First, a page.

Reclaim the City Woodstock Chapter Leader, Karen Hendricks, said: “The City’s attempts at evicting the families in the middle of the deadly second wave of the Covid-19 pandemic is completely inappropriate.

“To make matters worse, the City has not engaged with the families living in these occupations in any meaningful way – as it is obliged to do before resorting to eviction proceedings. The law relating to evictions is clear: The City is constitutionally required to engage with us about how it could circumvent an eviction that would place many of us at risk of becoming homeless.”

Reclaim the City said: “Rather than preventing social housing from being delivered, we have been calling on the City and the province to develop social and affordable housing on well-located public land in the central City for years.

“However, the City has continued to resist these claims. We have protested the City’s policy of evicting and displacing poor and working class families to the outskirts of the city. We have raised awareness of the City’s anti-poor policies and attitudes.”

Links added by SD Law

*Simon Dippenaar & Associates, Inc. is a Cape Town law firm of specialist eviction lawyers, and now operating in Johannesburg and Durban, helping both landlords and tenants with the eviction process. Contact one of our attorneys on 086 099 5146 or sdippenaar@sdlaw.co.za if you need advice on the eviction process or want to know the cost of eviction.

Further reading:

Lockdown evictions – how have other countries responded?

By | Eviction news, Evictions

Is there anything South Africa can learn from rules governing eviction in other countries?

As the COVID-19 pandemic tightened its grip on the world’s economy, many tenants, both residential and commercial, found themselves unable to keep up with rent payments, through no fault of their own, due to loss of income. Workers in low-paid jobs and industries were sent home, with furlough in richer countries, empty-handed elsewhere. Unable to trade due to lockdowns, small businesses with little in the way of reserves found themselves shutting up shop. Fortunately, most governments responded with relief measures. Some, including the UK, paid workers in badly affected industries such as hospitality 80% of their normal wage. Here in South Africa we had TERS (Temporary Employer/Employee Relief Scheme), although it has come under criticism.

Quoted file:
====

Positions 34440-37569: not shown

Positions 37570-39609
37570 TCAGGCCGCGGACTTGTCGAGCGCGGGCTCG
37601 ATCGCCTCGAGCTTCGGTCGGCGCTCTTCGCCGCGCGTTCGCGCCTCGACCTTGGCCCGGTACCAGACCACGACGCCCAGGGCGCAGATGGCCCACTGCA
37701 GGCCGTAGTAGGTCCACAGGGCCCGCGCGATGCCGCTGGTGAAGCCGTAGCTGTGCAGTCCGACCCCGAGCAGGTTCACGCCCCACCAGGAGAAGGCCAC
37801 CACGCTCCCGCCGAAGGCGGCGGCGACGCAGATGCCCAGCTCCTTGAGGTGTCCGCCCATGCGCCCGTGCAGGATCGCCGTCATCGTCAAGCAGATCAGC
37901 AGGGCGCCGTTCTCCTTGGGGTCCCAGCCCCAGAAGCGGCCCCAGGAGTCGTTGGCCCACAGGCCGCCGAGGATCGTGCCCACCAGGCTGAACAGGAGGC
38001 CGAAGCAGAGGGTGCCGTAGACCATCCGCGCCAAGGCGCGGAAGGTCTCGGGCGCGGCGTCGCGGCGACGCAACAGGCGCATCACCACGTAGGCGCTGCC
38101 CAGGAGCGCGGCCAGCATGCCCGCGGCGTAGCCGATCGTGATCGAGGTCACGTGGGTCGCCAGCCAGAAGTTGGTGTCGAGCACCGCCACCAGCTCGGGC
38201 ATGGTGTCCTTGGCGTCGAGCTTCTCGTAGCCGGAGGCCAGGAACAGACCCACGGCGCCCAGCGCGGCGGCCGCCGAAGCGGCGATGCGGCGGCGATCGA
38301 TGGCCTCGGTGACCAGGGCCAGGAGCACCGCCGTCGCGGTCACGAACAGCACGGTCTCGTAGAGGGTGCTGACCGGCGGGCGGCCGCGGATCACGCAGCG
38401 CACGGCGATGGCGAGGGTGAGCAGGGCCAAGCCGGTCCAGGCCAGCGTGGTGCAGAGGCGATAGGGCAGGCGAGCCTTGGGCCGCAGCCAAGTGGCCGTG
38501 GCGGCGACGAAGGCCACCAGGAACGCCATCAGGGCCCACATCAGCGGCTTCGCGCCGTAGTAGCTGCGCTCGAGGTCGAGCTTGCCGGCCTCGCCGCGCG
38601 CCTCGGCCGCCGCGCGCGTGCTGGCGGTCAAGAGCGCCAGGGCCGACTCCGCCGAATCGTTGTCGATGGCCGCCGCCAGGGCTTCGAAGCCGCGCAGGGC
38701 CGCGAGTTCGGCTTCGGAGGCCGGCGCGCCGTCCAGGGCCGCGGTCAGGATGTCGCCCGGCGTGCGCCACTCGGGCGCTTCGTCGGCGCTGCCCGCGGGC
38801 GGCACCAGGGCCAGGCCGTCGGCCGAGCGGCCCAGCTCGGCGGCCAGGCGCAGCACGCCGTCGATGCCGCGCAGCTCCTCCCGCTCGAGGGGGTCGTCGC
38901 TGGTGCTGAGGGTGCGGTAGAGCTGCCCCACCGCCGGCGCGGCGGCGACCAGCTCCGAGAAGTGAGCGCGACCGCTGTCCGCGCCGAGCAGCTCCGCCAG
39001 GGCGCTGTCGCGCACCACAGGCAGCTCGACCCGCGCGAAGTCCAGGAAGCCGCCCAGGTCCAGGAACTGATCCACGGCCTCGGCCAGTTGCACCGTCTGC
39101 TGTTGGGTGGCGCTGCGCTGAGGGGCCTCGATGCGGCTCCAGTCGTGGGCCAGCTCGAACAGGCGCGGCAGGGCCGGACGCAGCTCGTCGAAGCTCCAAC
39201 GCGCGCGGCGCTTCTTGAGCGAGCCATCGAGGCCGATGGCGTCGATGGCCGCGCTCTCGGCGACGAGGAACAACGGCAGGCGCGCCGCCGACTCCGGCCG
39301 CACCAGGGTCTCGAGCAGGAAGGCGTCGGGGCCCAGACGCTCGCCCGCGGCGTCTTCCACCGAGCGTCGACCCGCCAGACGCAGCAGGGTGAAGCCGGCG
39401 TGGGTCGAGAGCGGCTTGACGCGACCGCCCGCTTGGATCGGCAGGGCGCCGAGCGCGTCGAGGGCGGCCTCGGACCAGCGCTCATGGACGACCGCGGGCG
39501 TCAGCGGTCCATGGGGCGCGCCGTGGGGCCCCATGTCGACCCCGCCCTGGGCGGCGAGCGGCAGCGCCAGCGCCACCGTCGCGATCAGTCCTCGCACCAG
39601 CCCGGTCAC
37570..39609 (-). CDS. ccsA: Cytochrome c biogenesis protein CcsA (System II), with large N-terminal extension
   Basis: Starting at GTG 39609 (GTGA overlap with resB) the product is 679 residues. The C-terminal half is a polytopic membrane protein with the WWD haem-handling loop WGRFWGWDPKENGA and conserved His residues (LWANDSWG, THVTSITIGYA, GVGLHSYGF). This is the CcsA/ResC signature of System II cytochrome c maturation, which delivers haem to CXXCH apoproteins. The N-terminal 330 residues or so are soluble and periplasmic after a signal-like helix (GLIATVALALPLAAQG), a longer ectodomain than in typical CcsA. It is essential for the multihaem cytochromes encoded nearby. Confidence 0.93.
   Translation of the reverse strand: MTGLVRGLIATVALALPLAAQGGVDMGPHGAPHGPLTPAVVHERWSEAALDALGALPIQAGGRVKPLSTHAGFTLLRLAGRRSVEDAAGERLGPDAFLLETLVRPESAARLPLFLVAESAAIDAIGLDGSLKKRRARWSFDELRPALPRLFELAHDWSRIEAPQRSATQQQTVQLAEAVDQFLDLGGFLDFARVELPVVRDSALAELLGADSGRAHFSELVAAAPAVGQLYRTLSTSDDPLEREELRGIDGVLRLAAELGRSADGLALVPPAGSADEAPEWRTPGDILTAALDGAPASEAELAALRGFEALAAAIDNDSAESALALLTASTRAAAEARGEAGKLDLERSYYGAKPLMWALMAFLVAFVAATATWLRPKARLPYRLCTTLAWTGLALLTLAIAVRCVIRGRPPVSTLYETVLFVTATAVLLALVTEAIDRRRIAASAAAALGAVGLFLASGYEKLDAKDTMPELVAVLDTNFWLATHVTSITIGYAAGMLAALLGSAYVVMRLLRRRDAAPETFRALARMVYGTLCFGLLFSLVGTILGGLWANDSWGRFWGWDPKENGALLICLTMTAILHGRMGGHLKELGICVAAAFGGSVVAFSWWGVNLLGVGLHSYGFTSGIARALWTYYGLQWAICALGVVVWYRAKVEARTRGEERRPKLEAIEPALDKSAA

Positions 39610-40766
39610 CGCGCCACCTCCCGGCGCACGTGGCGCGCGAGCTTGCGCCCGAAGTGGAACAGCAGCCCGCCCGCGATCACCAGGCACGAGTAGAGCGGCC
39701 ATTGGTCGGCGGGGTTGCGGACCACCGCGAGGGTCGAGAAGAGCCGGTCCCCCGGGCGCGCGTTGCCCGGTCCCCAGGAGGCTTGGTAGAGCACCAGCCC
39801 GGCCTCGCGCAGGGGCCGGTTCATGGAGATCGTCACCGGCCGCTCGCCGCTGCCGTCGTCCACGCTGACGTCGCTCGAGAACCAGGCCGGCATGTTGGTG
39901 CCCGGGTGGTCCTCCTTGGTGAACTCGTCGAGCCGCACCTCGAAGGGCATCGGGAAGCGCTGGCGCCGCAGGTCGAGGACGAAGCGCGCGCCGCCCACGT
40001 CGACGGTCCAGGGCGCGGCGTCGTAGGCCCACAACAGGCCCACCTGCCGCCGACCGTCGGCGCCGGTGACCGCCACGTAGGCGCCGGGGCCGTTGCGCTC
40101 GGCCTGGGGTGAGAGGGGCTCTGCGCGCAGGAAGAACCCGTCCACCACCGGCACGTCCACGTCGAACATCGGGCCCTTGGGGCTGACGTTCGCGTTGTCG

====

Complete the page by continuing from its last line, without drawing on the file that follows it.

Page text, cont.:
Tenant protection from lockdown evictions

The protection of tenants from eviction was the most popular measure. Since mid-March 2020, many countries have suspended or banned evictions. In South Africa, evictions have not been allowed since the national state of disaster was announced at the end of March. When we reached Alert Level 1, evictions were once again permitted, but this was rescinded when we returned to Alert Level 3. A landlord may still apply for an eviction order, but it cannot be executed until the state of disaster is lifted.

This amnesty is primarily designed to protect tenants who fall into rent arrears as a result of the pandemic, though it also serves to ensure people have somewhere safe to spend the lockdown. An eviction may still be effected in extraordinary circumstances, for example if a tenant is causing harm to others or if the landlord has taken reasonable steps in good faith to make alternative arrangements for the evictees.  

Eviction bans

Other countries instituting eviction bans included Argentina, Australia, Canada, Colombia, Cyprus, El Salvador, France, Germany, Ireland, Italy, Luxembourg, Mexico, the Netherlands, New Zealand, Portugal, Spain, the United Arab Emirates, the UK and the USA. Most regulations referred to private residential property. However, in Germany and Portugal, tenants of residential and commercial properties were protected as well. France focused its protection on small and medium-sized companies.


In France, with her reputation for strong social support (and high social costs to employers), it is always illegal to evict people from their homes from November 1st to March 31st for any reason, to avoid literally putting people out in the cold. This winter reprieve was extended to July. The mayor of Paris further extended it until October 31st in the social housing sector. It is not clear if other municipalities followed suit, but the amnesty is in full force now, in the northern hemisphere winter.


On the first of April, Prime Minister Scott Morrison announced a nationwide moratorium on evictions for six months. When that expired, several states, including South Australia and Victoria, extended emergency relief for struggling residential and commercial tenants until the end of March 2021.